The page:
folly (n) – a building constructed primarily for decoration but suggesting by its appearance some other purpose
Rupert’s legacy takes its first big hit on All-Stars because of the underground shelter. It’s used as an example of Rupert being less capable than he was made out to be the previous season, but the truth is that the underground shelter was a pirate hideout, the direct result of giving a pirate manchild a box of tools. It was a mistake, but it was a memorable mistake that made great TV – and damn the cold-hearted son of a bitch that can’t find empathy for Jerri after watching her endure that miserable night.
He came in fourth in All-Stars. When it was over, CBS gave him a million dollar bonus check for bringing in the ratings. He didn’t ask for the money, but it would embitter some in the audience nonetheless. Regardless, it was enough to bring him back for HvV.
folly (n) – an allegorical figure that acts as a catalyst for foolish action
In HvV, Rupert would be on of the last heroes standing, along with fellow All-Staller and original hero, Colby Donaldson. It was a season of lingering malaise, where the heroes were made out to be petty fools, where legends of the game acted like middle-schoolers at summer camp.
Rupert broke his toe, but that didn’t prevent him from making sixth, a respectable spot. He also became the first male to reach 100 days in the game, just barely beating Colby’s 98. Despite that, the season as a whole became a lesson in how being one of the good guys is the most foolish thing one can be in Survivor.
Seward’s Folly – the purchase of Alaska for 2 cents an acre. Naysayers thought it was a bad idea. They were wrong.
When Rupert was cast on BvW, there was a bit of a groan from the fan community. As a player, it was widely accepted that he would make the merge and then get cut. He would be a perennial jury member. But after 100 days in three seasons, hadn’t we seen enough of him? Even Laura, his wife, had appeared on the show twice already.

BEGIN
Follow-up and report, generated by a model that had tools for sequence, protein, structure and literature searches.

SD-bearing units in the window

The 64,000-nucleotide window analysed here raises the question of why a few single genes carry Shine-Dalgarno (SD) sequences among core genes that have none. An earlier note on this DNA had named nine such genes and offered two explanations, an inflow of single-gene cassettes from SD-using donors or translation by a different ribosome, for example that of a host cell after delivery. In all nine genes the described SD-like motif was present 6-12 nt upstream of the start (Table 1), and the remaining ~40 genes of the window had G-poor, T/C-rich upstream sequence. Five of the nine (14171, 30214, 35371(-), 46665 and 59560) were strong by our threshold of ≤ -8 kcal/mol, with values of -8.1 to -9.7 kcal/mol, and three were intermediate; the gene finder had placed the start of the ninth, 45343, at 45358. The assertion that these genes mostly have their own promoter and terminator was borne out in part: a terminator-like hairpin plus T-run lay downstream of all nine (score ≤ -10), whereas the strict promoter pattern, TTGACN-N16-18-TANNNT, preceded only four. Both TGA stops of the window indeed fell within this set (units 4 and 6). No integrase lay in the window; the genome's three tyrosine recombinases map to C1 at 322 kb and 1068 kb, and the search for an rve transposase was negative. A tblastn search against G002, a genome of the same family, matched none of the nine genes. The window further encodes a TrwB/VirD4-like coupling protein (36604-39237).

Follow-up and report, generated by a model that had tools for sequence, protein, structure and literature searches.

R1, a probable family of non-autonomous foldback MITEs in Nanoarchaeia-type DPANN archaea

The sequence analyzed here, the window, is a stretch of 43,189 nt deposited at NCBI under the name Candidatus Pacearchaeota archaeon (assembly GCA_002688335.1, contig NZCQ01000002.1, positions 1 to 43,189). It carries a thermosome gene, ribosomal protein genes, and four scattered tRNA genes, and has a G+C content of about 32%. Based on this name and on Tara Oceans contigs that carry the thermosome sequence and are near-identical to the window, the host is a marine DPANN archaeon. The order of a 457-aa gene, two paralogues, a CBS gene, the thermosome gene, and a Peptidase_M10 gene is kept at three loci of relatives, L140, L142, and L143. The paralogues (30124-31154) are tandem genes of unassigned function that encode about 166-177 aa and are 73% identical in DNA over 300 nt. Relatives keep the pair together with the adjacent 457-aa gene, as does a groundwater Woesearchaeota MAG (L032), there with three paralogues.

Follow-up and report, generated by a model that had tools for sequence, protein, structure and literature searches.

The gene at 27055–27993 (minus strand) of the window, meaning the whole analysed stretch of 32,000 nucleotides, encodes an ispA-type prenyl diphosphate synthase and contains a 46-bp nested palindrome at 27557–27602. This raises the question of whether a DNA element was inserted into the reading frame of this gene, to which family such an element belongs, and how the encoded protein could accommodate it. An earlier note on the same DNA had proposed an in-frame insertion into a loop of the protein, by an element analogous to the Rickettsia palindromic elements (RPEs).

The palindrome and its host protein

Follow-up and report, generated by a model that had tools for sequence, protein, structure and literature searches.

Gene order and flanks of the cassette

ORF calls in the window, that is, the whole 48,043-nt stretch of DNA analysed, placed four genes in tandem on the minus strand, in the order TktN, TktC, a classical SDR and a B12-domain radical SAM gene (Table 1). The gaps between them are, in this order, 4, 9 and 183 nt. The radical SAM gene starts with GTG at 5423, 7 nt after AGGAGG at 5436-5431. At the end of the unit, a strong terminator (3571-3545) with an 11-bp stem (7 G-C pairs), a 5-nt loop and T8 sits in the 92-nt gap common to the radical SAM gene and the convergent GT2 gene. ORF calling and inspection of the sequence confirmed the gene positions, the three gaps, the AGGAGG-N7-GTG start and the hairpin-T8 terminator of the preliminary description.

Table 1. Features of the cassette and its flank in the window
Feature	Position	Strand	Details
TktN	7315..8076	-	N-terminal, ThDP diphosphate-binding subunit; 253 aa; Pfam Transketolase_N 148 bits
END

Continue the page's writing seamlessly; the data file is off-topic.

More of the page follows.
The twists were revealed and the scenario was tossed about, but nobody thought someone would actually do it.
And then Rupert did the impossible and essentially gave up the game for his wife. In the history of dumb moves, it is at the Colby taking Tina level of dumb.
At the end of Don Quixote, Alonso Quixano realizes that Don Quixote and his adventures have all been a bizarre hallucination. He was helped toward this conclusion by interacting with other people familiar with his legacy. Don Quixote talked to the fans, and in doing so became self-aware.
Replacing Laura may have been the single most self-aware thing Rupert has done on Survivor. Unlike Quixote, however, Rupert chose to embrace chivalry instead of spurning it.
Looked at purely within the confines of what it takes to win the game of Survivor, Rupert’s decision wasn’t good. Outside of the context of one season of a game he’s played four times, it could be one of the most important things he’s ever done. For the last decade, his wife has shared her husband with celebrity and deserted islands, and now he sacrificed his fourth chance so she could have her first.
And what did he really sacrifice, legacy-wise? Even if he won, merely playing a fourth time has chipped away at that untarnished image he walked from Pearl Islands with – back when he was tilting at windmills.